|Number of unique Cards||1|
|# of scenarios||2|
My take on this set: This is not a set that left much of an impression on me. It’s mostly a servicable set of enemies that provide something to fight and evade, but with some mechanical bits that provide the possibility for neat interactions. Both scenarios using this set also use the Ghouls, and the similarities between the Hunting Ghast and the enemies from Ghouls are pretty obvious.
What it does: Hunting Ghast is a basic Hunter enemy with middling stats all around. It’s slightly more difficult to evade than defeat it, which together with Hunter makes it pretty clear what you are supposed to do with it. When it enters a location that also has a Gug enemy, those Gugs are all readied and the Ghast takes one damage.
My take: I have never seen that Gug readying ability happen, which isn’t too surprising considering there are only two Gugs around for the two scenarios using this encounter set. Mostly, it means that sticking around an evaded Lumbering Gug is still dangerous because you might draw this Ghast in the Mythos phase, causing the Lumbering Gug to engage again. Which is fair enough, but does leave the Ghast as a fairly basic enemy on par with the Ghouls it shares all scenarios with.
Threat level: Low. It says “Hunter” on the card, but actually it is easy prey.
Dealing with it: This is a bog standard filler enemy, a bullet to the head should do.
What it does: Lumbering Gug is a fairly big enemy that not only can take a punch or two, but also deals a lot of damage when it attacks. Its does however only have 2 evasion, which opens up a route to deal with it. Whenever it exhausts, no matter if its due to being evaded or due to attacking, it will not ready in the next upkeep phase.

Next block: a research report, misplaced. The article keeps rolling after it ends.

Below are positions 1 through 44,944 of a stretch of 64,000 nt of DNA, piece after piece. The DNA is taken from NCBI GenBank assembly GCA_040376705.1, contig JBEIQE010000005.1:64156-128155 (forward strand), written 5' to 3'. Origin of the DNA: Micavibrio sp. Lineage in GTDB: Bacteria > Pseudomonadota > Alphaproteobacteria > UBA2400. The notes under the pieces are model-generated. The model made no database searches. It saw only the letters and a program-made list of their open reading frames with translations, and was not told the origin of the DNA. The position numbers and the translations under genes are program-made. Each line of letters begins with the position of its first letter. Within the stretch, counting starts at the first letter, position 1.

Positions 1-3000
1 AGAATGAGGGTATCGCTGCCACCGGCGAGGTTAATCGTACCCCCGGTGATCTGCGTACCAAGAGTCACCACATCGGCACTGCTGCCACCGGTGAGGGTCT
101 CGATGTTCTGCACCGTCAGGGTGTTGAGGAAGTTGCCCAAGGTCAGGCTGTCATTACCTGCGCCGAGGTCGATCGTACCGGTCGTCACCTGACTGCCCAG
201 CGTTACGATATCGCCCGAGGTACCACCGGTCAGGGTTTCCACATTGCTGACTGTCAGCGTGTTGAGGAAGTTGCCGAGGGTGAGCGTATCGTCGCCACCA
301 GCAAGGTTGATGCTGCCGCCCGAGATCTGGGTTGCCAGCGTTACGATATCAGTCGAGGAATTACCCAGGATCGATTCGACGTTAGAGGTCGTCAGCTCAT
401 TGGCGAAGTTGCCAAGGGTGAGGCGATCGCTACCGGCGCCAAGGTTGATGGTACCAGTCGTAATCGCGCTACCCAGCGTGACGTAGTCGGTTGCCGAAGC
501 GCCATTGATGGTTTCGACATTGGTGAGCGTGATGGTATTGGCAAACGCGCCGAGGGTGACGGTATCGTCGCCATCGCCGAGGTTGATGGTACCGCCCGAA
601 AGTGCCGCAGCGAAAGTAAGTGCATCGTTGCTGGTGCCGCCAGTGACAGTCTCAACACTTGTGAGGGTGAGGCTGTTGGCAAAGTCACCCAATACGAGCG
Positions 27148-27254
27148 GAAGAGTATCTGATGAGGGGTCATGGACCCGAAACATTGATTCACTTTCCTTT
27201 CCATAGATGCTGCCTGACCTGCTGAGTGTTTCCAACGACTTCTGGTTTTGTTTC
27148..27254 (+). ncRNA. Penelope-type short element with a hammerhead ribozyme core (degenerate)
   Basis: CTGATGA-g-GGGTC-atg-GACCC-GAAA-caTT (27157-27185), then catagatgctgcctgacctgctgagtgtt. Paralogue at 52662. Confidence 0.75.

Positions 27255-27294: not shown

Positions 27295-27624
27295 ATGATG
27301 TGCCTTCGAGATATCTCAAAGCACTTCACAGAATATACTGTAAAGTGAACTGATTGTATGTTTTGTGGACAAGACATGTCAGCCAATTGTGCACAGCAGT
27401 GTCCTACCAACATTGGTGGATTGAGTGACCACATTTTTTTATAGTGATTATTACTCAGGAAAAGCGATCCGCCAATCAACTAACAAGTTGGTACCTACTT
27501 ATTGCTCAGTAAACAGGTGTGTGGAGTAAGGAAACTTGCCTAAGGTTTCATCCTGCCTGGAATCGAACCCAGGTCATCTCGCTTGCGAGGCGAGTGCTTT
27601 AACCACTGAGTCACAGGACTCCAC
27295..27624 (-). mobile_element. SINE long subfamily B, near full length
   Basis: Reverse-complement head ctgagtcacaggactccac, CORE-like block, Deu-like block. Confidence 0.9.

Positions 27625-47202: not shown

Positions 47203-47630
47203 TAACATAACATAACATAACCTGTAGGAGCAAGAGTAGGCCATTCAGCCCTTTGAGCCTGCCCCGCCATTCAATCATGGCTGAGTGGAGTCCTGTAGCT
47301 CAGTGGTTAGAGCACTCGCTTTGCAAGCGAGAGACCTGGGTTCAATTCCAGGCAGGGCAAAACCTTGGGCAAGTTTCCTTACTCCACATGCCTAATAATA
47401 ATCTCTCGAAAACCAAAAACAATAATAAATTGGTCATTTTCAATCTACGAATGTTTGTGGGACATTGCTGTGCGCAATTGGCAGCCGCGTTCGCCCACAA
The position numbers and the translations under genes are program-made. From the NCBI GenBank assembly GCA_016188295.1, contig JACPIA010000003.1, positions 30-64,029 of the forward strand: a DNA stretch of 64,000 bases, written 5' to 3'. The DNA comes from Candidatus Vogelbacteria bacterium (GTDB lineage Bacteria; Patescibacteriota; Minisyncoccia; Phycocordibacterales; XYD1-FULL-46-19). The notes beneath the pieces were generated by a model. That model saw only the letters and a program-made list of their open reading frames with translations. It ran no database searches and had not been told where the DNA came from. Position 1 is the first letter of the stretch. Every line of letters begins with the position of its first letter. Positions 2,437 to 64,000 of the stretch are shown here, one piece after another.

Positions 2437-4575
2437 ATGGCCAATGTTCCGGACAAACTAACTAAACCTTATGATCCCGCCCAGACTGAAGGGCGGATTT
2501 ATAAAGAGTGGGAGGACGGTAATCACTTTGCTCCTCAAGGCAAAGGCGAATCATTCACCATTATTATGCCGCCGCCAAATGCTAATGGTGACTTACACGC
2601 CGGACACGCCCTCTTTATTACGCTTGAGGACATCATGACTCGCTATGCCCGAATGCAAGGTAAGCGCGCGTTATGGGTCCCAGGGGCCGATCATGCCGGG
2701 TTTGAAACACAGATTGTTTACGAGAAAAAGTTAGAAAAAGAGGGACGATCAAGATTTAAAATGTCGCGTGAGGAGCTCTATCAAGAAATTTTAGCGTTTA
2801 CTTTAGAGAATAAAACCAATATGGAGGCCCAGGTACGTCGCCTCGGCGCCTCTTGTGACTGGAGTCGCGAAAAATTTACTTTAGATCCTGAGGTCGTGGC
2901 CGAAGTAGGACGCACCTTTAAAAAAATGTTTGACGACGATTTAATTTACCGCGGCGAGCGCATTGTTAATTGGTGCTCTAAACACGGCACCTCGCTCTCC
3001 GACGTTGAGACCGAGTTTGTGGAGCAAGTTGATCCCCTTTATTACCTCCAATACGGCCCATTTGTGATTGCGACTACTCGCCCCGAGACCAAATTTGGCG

My take: One of the rare cases where it’s actually relevant to remember that enemies do exhaust when they attack. It’s best to not let it come to that however, since it deals quite a bit of both damage and horror. Keeping it down with evasion is the most likely plan to deal with this card, since there is neither Hunter nor a victory point on it. During Point of No Return, it is usually easy to leave this guy behind as it requires little backtracking. If it spawns in a bad spot during Thousand Shapes, it can be a bit more annoying though. Some of the locations are frequented a bit more often, so it may require repeated evading there.
Threat level: Low to Mid. Can be a bit of an action sink if things go wrong.
Dealing with it: Its achilles heel is printed right there on the card and most investigator teams will find it relatively easy to exploit it. Move into its location, evade it and get your business done in a turn or two before moving out again and leaving the thing. As mentioned, Hunting Ghast could potentially be a draw that messes with this plan, but even then it’s not too bad, unless its an investigator with very low base agility.